Sometimes it is the simpler, more familiar stories that hit us the hardest and lead us to reflect upon our own lives. In his play shown last week on the ’62 Center’s CenterStage, Ghost in the Machine, playwright Mike Leon ’11 crafted a touching, genuinely beautiful drama that follows a young man as he struggles with grief and addiction. What begins as a sweet, yet strangely fragmentary account of a couple’s intimate moments slowly reveals itself to be a drug-fueled hallucination, punctuated only by silence, anguish and the occasional intervention of a well-meaning sibling.
We are first welcomed as spectators to a tender scene. James Lapikas and Rachel York, played by Peter Drivas ’11 and Aspen Jordan ’11, are quite clearly very much in love and allow us to observe what seems to be a camping trip that James has organized for Rachel’s birthday. They laugh, play and tease in an almost frighteningly authentic and private display of affection. Drivas and Jordan forged a superbly convincing and endearing on-stage couple that had all the quirks and unique habits one would expect, yet allowed us to relate to them immediately and powerfully. From the campsite we move to a sunlit diner and then to the main part of the set, James’ apartment, at random moments in their timeline as they enjoy similarly intimate instances together. The two actors portrayed the witty banter and blissful joy of this romance with a rare ease and an often highly comedic delivery.
Suddenly, the room echoes with a repetitive, booming sound. James rushes to answer the door as Rachel flees out of sight. The audience, perplexed, can only continue to follow without explanation as the action continues to unfold. James’ brother Eddie (Ryan Pavano ’13) is on the doorstep, awkwardly shattering the idyll by entering onto the stage. Whereas his presence seems incongruous as first, as time passes it becomes increasingly obvious how strange Eddie seems in comparison to James’ relative normality. While they discuss an unspecified but undoubtedly tragic past event and meander through pointless chit-chat, James’ façade starts to fissure, revealing a frustrated, slightly deranged state of mind. As the dialogue progresses, we collect some of the pieces of his story that have been ominously absent: He’s seeing a psychiatrist, is taking Ambien and has stopped taking care of himself.
As the play continues, we slowly make our way deeper into James’ fragmented psyche. Once evidence starts to pile up, the situation becomes much clearer: Rachel, or at least the one we see on stage, is a hallucination. Constructed from James’ memories, photographs and voicemails, she is an illusory figure kept alive only by his constant drugged-up stupor and stubborn refusal to confront the outside world. One of the more striking successes of this play comes to light here: The apparent lack of border between the different parts of the stage, supposed to relate to different places and different memories, echo the addict’s inability to distinguish between dream and reality. Clearly, we are compelled to sympathize. When the drugs wear off and the delightful illusions fade, the stage is left in silence, highlighting his crushing, inescapable solitude.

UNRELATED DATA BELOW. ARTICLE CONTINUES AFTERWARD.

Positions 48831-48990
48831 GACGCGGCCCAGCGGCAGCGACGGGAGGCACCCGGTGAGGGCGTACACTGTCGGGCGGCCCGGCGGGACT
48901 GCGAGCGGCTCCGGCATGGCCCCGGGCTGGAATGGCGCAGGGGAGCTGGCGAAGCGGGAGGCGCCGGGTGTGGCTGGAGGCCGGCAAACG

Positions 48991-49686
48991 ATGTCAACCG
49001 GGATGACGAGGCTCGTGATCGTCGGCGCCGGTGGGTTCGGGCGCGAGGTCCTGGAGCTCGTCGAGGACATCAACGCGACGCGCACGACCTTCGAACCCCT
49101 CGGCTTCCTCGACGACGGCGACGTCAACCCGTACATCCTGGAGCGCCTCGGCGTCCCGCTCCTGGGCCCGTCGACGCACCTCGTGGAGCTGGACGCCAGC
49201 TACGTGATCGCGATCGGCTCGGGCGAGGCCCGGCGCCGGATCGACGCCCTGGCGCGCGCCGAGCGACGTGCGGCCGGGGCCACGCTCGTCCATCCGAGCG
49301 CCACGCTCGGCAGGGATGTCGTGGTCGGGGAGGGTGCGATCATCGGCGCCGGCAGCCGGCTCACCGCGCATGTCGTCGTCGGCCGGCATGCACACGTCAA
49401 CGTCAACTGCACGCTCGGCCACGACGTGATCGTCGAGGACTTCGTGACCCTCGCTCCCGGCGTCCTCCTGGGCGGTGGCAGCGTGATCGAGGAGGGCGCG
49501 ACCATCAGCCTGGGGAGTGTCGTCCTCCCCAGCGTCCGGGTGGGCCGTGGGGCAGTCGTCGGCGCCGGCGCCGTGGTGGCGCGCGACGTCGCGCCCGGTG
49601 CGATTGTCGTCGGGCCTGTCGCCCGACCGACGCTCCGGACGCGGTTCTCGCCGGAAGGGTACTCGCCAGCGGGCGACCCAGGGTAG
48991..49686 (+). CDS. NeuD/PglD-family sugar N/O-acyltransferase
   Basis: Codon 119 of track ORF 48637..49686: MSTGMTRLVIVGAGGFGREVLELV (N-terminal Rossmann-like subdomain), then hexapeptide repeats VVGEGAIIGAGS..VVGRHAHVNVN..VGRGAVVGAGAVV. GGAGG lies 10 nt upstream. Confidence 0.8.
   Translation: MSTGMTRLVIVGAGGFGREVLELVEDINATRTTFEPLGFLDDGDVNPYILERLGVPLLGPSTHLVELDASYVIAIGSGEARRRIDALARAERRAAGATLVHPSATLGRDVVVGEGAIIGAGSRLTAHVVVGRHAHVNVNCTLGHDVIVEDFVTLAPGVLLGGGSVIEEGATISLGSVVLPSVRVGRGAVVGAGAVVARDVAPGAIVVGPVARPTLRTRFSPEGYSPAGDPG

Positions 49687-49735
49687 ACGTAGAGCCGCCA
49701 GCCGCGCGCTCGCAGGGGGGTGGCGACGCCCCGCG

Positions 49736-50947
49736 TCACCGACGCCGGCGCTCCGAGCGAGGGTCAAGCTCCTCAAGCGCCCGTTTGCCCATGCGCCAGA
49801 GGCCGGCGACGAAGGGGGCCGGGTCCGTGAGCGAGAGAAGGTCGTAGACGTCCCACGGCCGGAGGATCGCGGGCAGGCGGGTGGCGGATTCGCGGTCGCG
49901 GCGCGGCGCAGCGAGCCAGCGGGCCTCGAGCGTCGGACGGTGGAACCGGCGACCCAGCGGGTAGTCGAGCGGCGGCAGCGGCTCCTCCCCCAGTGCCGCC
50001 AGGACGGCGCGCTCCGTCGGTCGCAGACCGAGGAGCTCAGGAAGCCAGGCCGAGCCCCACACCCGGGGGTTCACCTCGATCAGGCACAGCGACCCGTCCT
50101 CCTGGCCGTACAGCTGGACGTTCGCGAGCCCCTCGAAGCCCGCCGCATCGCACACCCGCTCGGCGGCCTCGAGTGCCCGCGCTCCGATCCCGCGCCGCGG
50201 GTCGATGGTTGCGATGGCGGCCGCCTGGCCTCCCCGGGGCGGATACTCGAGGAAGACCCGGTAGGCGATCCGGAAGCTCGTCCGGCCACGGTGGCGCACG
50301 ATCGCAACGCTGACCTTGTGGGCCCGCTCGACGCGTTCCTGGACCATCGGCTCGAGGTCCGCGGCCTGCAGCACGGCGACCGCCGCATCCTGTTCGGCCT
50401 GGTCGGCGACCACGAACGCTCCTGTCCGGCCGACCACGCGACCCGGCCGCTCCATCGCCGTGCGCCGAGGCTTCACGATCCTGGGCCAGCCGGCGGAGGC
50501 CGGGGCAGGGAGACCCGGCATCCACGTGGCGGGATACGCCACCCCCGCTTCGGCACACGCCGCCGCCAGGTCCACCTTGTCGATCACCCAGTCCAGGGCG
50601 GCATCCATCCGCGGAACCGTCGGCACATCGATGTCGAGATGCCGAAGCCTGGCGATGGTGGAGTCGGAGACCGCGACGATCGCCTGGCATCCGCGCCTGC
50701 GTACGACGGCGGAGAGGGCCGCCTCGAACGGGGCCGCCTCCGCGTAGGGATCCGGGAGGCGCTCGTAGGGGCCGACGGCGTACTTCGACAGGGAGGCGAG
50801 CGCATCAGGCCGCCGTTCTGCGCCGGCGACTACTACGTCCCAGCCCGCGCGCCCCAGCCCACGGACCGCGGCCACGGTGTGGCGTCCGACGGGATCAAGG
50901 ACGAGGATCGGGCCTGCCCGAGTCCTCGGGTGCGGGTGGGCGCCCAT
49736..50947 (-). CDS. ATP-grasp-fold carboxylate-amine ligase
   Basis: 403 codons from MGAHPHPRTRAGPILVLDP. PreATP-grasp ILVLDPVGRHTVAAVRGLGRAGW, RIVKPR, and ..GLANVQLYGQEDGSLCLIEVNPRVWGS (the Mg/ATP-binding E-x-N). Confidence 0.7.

It is in these moments of anguish that Drivas excelled, bringing to life James’ unstable, cyclothymic mood swings. He seamlessly shifted from perfect, crystalline lucidity to erratic, troubling delusion. Nonetheless, he managed to include us in his world – because the action takes place through his eyes only, we understand his torment. Jordan formidably depicts the foil to his madness as the sweet, comforting Rachel who, despite being an imaginary construct, brings joy to James’ life in a very real way.
As the play reaches its conclusion, Eddie enters his brother’s apartment one last time in a climactic, clearly therapeutic meeting. All along, the audience had waited with bated breath for the answer, an explanation of what happened, while knowing full well what to expect but nonetheless hoping for a happier truth. “She’s dead, Jimmy!” bellows Eddie in a final, irreversible declamation of fact that crushes all hope but manages to bring James back into reality. In this key point of the plot, Pavano produced a powerful, necessary performance; casting down his image of a well-meaning but simple fool who cannot possibly understand, he revealed himself as a grounded, insightful force bringing light and life to where there were none. After this final exchange with his brother, James faces his only exit: He purposefully overdoses, says his goodbyes to the ghost of his lost love and expires in peace.
Ghost in the Machine does not simply challenge us by asking the question, “What would you do if I vanished?” Rather, it blurs the seemingly solid line that separates reality from dreams. For James, the Rachel of his hallucinations is strikingly real, almost as alive as she used to be. Who are we to decide that he is wrong, that his experience is not a genuine, fulfilling one?